My thoughts as I read sections of this: Manfred *** – When published in 1816, Byron’s Manfred was much admired (when, as with everything Byron did, it did not shock). But it’s a rather static piece of art. There is no action. Manfred goes from one place to another to complain how miserable his life is as an all-powerful magician/sorcerer/magi, cursed with immortality. (It must be tough.) There’s also no character development – at least not in the traditional sense. Manfred’s opinions about suicid My thoughts as I read sections of this: Manfred *** – When published in 1816, Byron’s Manfred was much admired (when, as with everything Byron did, it did not shock). But it’s a rather static piece of art. There is no action. Manfred goes from one place to another to complain how miserable his life is as an all-powerful magician/sorcerer/magi, cursed with immortality. (It must be tough.) There’s also no character development – at least not in the traditional sense. Manfred’s opinions about suicide vary. Defiance is probably his singular – and most appealing – trait. And what is the back story? We never know, though most people believe Manfred (a magician?) had a relationship (physical? spiritual?) with his sister(?), Astarte, in which they may have not known they were related(?), though she is described as the feminine version of him (his twin?). Oh, and Astarte died in some unknown way(?) for some unknown cause (?). I can confidently report that you won’t be better informed about any these things after finishing the play. The question is: Does Byron even know the answers to these questions? Does this all even make sense on any level? Even to him? Or is he just making things up as he goes. We don’t know. Even today. So, there is fuzziness to this work. It does contain some good descriptions of the human experience, and Manfred’s Faust-like Promethean defiance is sure to please the rebel-against-god in all of us. (Well, most of us. Some of us?)

  18. 4 out of 5

    Cariad Jones

    OG sad boi. Didn’t exactly read this back to back, kind of flipped through and picked out some of the poems I liked. ‘Lines Inscribed Upon a Cup Formed from a Skull’ was my favourite in the collection.

  19. 4 out of 5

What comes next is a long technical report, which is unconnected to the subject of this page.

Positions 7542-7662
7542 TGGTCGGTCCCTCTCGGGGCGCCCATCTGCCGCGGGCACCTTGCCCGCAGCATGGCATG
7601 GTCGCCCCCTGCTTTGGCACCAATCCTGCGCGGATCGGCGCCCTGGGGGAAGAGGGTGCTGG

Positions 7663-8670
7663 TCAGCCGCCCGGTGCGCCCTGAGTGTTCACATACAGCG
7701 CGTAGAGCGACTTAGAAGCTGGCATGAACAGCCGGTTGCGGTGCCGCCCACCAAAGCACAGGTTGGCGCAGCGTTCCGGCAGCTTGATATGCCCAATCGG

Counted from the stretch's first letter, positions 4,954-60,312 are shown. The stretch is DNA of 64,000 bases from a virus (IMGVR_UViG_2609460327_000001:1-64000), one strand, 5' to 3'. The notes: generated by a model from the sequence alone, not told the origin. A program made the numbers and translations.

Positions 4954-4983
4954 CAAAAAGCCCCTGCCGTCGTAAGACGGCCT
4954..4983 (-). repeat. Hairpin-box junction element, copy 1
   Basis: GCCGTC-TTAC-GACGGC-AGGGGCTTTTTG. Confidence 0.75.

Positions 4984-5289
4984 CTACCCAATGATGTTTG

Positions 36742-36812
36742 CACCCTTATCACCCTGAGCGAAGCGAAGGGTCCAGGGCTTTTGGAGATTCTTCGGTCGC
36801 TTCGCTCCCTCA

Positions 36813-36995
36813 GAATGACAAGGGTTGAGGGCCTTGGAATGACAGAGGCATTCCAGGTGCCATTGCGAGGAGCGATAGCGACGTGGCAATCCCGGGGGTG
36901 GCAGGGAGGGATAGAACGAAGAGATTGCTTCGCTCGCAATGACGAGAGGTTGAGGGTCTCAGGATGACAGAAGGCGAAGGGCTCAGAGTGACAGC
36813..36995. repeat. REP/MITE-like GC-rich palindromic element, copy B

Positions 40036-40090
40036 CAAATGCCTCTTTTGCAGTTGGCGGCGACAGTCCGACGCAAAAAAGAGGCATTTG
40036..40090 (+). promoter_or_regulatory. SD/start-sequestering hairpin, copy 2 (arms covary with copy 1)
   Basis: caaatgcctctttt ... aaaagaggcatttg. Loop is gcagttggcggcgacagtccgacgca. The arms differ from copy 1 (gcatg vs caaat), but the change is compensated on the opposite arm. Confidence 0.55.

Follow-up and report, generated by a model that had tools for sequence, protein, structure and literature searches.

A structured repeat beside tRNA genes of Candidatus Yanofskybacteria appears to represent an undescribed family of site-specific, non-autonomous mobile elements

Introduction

Frank Ashe

    Read some, need to read much more

  20. 5 out of 5

    Jon Beadle

    I really enjoyed this little sampling, especially “Visions of Judgment” and the first canto of “Don Juan.”

  21. 5 out of 5

    Chloe

    Byron was a sassy one

  22. 5 out of 5

    Yousra

    Faves: Darkness, When We Two Parted & To a Lady

  23. 5 out of 5

    Gregp

    7 out of 10

  24. 4 out of 5

    Amateur-Reader

    Poetically marvelous!!! In content & in style and in the range of different topics the poems let us delve in. Some are relatable to the contemporary issues we witness today.

  25. 5 out of 5

    grace

    it definitely wasn't a bad collection; i liked the poems as a whole. this edition, however, was absolute shit. there were cantos from longer works of lord byron's that i just didn't understand and the poems were organized in a really weird way. it definitely wasn't a bad collection; i liked the poems as a whole. this edition, however, was absolute shit. there were cantos from longer works of lord byron's that i just didn't understand and the poems were organized in a really weird way.

  26. 4 out of 5

    Michael

    It's almost not worth offering my opinions of Byron, now that I've finally read all of his poems. The great masterpieces are incomparable: Child Harold, the love lyrics, Manfred and Don Juan. Don Juan, in particular, is so full of life, thought and high feeling, that it seems to contain the whole world. Among the less well known works, a few really stood out to me. I think that "The Island" is the best of his tales—without wishing to spoil it, it's ending is unusual for Byron, and before Don Juan It's almost not worth offering my opinions of Byron, now that I've finally read all of his poems. The great masterpieces are incomparable: Child Harold, the love lyrics, Manfred and Don Juan. Don Juan, in particular, is so full of life, thought and high feeling, that it seems to contain the whole world. Among the less well known works, a few really stood out to me. I think that "The Island" is the best of his tales—without wishing to spoil it, it's ending is unusual for Byron, and before Don Juan, it is probably the poem of his which had the greatest variety of character and action. "Beppo" was a little work of genius, basically a parody of the Turkish tales that made his name and the Italian plays that lost it. His little satire "The Blues" was a different thing altogether, sprightly and energetic and frothy, probably the only really comic thing he ever wrote, without the strong strain of world-weary fatalism that runs through so much else of his poetry. For me, his most distinctive quality is his sense of time. In these poems, time is like a creek running over a rock, continually babbling in careless beauty while it carves away at the surface, bearing everything away into the sea. Everything is lost and swept away in these poems, even the very grandest and most wonderful things. This sadness throws a pale and beautiful light on whatever of great and good appears in his poems. There is always the mixture of worldliness and ideals, of innocence and experience in his poems, and this is why Don Juan, with its innocent hero and wise narrator, is the best and most characteristic of his poems.